George Wagner IV concludes testimony at his murder trial
CINCINNATI (WXIX) - George Wagner IV testified for the second day at his murder trial for the 2016 Pike County massacre that killed eight members of the Rhoden and Gilley families.
In a surprise move Wednesday, Wagner IV, 31, took the stand and testified for more than seven hours. His attorney, John Parker, questioned him for another hour Thursday morning.
George responded “No” to several questions including “Are you guilty of any of these murders?”
Then Special Prosecutor Angela Canepa began her cross-examination of George on Thursday.
George insisted under cross his mother and brother lied during their testimony and confessions to prosecutors, prompting Canepa to sarcastically tell him: “Everybody is lying except you.”
She succeeded in getting several admissions from George including:
- Using an inaccurate (former) address to obtain his Ohio commercial driver’s license;
- Listing an inaccurate (former) address on forms related to his gun ownership, a federal offense punishable by up to 10 years in prison. He told her he was advised to do this because his driver’s license still listed his former address);
- He responded “We paid off our debts with it” when she asked him about a purposely set fire (arson) at one of the Wagner’s former homes, on Bethel Hill Road in Peebles. At first, George told her he didn’t really profit from it (the insurance payout);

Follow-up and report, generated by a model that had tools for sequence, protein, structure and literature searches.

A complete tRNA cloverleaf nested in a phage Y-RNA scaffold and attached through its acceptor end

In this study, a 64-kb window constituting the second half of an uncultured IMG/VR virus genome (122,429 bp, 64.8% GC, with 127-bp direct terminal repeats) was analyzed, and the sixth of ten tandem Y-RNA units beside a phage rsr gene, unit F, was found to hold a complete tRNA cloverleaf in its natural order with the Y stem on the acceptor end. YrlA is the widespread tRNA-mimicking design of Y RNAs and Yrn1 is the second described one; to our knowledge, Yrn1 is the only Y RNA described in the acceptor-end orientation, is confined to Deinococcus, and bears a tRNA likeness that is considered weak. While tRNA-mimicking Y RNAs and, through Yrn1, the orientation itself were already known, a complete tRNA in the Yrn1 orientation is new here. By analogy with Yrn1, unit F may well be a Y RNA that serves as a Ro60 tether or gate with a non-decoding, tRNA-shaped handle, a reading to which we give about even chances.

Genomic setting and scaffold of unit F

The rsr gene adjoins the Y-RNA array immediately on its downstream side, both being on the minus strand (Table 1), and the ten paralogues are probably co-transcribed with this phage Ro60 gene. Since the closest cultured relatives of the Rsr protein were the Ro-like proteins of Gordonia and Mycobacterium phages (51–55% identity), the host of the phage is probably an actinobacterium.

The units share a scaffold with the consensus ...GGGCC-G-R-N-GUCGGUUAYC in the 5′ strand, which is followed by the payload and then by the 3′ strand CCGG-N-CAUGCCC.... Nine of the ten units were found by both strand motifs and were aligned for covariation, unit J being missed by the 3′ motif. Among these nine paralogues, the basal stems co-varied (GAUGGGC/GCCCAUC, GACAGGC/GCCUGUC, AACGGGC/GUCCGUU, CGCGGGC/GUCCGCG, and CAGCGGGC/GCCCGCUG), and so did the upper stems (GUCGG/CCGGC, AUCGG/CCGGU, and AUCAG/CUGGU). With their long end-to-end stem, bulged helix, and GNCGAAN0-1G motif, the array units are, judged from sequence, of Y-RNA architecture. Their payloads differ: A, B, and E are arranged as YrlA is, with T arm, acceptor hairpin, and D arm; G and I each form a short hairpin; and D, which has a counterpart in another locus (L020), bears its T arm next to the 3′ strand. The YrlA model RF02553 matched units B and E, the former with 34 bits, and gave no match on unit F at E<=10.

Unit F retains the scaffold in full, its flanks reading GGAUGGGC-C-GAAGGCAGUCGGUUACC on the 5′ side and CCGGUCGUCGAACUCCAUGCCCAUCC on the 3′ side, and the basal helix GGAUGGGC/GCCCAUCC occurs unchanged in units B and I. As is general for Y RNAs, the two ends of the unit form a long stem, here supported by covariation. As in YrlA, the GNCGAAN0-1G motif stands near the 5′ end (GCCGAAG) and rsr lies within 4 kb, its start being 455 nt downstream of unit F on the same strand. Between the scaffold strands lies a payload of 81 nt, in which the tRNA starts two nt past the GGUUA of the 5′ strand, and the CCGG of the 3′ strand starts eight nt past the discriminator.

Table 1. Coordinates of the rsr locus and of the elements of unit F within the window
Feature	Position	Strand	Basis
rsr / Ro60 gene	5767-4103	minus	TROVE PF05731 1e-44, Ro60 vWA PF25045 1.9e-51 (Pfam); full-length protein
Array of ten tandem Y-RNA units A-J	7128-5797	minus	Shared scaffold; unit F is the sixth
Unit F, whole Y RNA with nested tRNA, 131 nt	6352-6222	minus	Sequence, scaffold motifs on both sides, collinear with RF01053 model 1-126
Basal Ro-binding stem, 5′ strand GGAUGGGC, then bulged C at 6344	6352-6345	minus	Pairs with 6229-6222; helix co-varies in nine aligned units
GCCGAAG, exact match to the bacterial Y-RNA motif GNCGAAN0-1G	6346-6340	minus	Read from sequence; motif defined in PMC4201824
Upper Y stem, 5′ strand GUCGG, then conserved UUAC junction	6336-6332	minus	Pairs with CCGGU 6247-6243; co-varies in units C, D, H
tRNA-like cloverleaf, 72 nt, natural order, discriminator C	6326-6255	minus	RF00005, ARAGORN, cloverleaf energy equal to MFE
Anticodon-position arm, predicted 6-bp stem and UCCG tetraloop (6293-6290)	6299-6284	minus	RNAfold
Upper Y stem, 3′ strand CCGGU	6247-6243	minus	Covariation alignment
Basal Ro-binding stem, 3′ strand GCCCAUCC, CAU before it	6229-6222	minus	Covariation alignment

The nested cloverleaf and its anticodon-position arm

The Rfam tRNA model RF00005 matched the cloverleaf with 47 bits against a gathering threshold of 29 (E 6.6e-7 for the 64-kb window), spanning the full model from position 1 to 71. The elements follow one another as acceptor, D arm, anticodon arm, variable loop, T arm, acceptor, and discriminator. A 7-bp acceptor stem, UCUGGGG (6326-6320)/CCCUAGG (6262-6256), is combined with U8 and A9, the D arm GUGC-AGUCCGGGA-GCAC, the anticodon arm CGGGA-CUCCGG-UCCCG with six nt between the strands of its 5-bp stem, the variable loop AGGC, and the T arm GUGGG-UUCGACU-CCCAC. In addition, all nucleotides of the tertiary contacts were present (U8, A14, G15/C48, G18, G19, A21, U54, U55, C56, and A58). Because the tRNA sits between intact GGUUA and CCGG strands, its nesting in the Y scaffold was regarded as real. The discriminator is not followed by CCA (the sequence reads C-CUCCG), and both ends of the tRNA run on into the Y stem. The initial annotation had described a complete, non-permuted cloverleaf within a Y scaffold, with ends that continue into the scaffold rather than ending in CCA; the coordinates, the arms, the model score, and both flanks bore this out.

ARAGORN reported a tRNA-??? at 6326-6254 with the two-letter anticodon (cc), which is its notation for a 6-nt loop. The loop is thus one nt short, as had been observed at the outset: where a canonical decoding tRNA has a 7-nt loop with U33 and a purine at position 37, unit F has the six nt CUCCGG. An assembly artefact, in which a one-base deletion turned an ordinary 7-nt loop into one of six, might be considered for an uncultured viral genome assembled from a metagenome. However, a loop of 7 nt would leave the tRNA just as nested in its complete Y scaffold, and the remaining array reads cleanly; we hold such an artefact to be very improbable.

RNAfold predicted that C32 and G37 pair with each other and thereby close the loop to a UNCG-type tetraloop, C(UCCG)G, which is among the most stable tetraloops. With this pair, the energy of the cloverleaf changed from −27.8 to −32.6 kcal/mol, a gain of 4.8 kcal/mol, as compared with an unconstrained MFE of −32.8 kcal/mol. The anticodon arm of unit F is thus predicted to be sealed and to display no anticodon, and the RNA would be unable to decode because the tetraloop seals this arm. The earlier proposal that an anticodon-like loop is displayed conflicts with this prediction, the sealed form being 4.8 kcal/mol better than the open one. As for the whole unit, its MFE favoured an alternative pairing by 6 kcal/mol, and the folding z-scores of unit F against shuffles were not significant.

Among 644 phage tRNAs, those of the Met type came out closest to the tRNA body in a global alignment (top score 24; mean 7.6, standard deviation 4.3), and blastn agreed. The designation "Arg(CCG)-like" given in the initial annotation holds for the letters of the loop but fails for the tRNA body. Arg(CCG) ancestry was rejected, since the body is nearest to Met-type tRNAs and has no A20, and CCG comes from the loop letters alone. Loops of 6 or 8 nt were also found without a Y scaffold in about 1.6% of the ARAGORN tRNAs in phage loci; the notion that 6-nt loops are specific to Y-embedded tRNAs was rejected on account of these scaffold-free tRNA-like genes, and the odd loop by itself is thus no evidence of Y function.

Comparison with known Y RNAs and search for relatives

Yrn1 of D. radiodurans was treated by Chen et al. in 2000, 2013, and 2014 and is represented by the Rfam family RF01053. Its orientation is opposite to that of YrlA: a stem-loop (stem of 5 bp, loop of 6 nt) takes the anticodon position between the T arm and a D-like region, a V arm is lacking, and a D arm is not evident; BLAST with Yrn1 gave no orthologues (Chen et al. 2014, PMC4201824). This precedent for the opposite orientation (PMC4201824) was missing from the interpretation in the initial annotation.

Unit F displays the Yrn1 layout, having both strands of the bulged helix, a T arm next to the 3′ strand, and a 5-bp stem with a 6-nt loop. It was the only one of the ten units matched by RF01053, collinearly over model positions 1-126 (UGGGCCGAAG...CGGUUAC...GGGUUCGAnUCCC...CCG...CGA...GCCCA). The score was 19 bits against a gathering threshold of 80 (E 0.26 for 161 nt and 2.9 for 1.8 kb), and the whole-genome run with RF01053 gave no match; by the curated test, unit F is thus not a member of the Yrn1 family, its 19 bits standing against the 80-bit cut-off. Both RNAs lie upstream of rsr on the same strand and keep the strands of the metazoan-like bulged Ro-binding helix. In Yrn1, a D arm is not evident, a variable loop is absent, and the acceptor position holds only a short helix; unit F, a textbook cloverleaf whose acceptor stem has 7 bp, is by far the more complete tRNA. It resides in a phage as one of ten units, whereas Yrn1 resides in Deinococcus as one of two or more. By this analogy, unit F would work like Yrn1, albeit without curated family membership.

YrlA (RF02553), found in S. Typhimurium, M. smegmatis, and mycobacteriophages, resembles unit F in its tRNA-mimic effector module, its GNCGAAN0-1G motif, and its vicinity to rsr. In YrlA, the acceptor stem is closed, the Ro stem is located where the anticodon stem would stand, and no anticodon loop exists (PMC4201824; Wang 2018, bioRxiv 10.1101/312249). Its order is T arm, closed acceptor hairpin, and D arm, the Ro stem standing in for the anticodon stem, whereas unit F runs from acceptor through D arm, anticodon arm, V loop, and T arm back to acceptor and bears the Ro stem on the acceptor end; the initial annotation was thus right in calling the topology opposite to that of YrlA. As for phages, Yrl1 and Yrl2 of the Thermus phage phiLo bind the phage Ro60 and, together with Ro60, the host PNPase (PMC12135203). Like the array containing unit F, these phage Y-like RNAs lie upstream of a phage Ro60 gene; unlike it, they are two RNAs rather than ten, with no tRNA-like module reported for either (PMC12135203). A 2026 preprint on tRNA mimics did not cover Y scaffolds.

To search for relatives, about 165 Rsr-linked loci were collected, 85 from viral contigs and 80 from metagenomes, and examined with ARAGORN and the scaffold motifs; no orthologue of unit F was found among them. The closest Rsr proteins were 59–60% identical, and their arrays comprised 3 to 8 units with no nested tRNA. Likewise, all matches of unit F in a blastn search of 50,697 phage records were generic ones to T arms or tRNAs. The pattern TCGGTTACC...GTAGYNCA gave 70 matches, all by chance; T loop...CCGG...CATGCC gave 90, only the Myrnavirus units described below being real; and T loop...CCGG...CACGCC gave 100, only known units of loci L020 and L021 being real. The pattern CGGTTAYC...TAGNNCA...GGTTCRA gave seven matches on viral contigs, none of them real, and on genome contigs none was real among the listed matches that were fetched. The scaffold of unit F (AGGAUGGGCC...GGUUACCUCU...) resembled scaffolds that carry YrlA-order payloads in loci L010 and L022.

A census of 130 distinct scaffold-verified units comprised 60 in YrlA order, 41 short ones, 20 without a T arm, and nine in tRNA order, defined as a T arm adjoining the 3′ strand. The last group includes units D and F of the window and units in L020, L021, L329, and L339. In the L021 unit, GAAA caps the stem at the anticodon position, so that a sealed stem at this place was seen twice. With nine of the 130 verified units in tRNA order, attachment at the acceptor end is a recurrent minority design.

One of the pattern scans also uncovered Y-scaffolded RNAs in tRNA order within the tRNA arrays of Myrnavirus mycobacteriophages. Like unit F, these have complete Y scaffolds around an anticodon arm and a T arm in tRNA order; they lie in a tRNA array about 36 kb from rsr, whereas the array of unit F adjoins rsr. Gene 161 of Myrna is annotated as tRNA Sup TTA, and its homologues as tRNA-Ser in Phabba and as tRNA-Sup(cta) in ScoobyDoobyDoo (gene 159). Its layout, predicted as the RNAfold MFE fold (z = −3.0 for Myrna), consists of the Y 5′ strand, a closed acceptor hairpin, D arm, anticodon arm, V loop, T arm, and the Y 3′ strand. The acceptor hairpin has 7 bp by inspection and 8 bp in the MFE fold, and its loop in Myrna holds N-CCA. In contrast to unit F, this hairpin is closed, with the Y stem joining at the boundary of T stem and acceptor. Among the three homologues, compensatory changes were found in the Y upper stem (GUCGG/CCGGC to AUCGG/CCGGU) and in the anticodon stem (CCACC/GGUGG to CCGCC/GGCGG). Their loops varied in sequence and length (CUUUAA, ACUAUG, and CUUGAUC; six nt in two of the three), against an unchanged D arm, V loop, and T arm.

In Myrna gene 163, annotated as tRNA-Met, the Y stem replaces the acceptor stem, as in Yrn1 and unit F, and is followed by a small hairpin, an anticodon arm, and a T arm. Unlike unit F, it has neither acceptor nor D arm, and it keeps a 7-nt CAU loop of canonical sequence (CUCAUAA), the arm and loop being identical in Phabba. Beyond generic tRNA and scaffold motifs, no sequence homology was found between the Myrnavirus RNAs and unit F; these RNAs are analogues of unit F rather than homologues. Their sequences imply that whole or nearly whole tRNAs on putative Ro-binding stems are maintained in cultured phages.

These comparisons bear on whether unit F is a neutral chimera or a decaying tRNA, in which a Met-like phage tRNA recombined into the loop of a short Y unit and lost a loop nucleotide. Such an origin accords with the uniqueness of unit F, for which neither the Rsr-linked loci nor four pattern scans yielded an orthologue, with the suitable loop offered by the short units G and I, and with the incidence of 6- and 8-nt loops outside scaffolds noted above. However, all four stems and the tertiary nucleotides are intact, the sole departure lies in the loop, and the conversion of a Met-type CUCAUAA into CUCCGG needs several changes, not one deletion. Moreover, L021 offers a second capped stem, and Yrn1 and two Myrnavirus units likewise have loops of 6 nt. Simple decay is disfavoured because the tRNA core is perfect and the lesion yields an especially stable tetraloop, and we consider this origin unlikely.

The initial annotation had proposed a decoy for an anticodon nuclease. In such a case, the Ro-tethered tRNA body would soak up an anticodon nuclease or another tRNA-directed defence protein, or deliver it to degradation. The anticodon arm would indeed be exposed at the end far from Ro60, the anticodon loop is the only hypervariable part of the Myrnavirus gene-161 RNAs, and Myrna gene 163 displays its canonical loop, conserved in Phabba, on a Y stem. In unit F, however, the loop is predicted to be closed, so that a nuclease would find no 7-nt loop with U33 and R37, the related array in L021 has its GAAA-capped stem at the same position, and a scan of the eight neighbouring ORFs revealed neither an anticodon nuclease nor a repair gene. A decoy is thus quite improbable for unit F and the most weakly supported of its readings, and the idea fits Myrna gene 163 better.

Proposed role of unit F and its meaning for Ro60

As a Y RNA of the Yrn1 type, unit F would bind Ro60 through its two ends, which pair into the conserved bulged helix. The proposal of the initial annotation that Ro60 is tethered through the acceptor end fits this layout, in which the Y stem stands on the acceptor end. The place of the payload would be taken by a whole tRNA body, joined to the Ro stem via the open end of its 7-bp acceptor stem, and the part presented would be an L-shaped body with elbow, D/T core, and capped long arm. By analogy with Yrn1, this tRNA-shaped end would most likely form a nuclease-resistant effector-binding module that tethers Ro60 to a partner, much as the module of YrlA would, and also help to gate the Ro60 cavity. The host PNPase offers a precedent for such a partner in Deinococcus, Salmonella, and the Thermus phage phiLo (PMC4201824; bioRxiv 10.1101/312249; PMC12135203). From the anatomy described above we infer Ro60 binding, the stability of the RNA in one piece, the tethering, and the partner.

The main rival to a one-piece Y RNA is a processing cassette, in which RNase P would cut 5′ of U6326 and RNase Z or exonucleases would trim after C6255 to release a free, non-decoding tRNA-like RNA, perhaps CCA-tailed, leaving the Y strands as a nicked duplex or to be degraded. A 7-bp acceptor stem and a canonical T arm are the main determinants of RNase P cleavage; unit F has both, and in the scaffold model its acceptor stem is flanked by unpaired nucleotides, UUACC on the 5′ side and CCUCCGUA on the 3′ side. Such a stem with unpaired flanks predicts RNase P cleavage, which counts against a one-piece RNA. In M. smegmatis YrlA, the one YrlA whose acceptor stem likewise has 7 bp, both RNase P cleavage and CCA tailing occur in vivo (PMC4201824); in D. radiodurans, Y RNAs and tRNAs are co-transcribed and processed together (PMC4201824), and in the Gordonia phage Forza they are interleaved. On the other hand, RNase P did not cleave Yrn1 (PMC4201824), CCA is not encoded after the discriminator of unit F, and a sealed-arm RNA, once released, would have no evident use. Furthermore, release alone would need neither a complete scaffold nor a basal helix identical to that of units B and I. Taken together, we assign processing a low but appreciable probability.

- Not reporting his mother for creating fake receipts to turn in these bogus fire loss claims;
- Hunting at night “thousands of times.” Deer hunting hours in Ohio are 30 minutes before sunrise to 30 minutes after sunset, according to the Ohio Department of Natural Resources;
- Calling his toddler niece (Jake Wagner’s daughter Sophie) a “b----.” But, George explained on the stand: “After five or six days on caffeine, you say a lot of things you don’t mean.”;
- Failing to notify the mother of his young child know they moved back to Pike County from Alaska in 2018 before the waiting period was up to get an abandonment ruling against her.
On Wednesday, George testified his family never approached him about the murder plot and he was asleep the night of the slayings.
Had he known, he claimed he would have stopped them.
“I don’t know how, but I would have never let it happen,” he told the jury on Wednesday.
Canepa also exposed differences between George’s testimony Wednesday and what he told state law enforcement agents during a 2017 interview. He told them he went to bed the night of the slayings at 12:30 p.m. after watching a “fairy movie” with his entire family and his mother made cheeseburgers.
During his testimony this week, he said he went to bed at 10:30 p.m. Special Prosecutor Canepa also wanted to know how his brother and father could have been “up on Union Hill Road” where the victims lived, killing them less than an hour after he claimed on the stand everybody went to bed the night of the slayings.
“I don’t have an answer for that,” he responded. “I don’t know.”
George Wagner IV, 31, his younger brother, Jake Wagner, 28, and their parents, Angela Wagner, 52, and Billy Wagner, 51, were all charged with eight counts of aggravated murder and several other charges related to the execution-style shootings in Piketon on April 21-22, 2016.
Prosecutors also need to finish entering all their exhibits into the official court record as evidence.
It’s not certain yet how many trial days there will be next week due to the Thanksgiving holiday.
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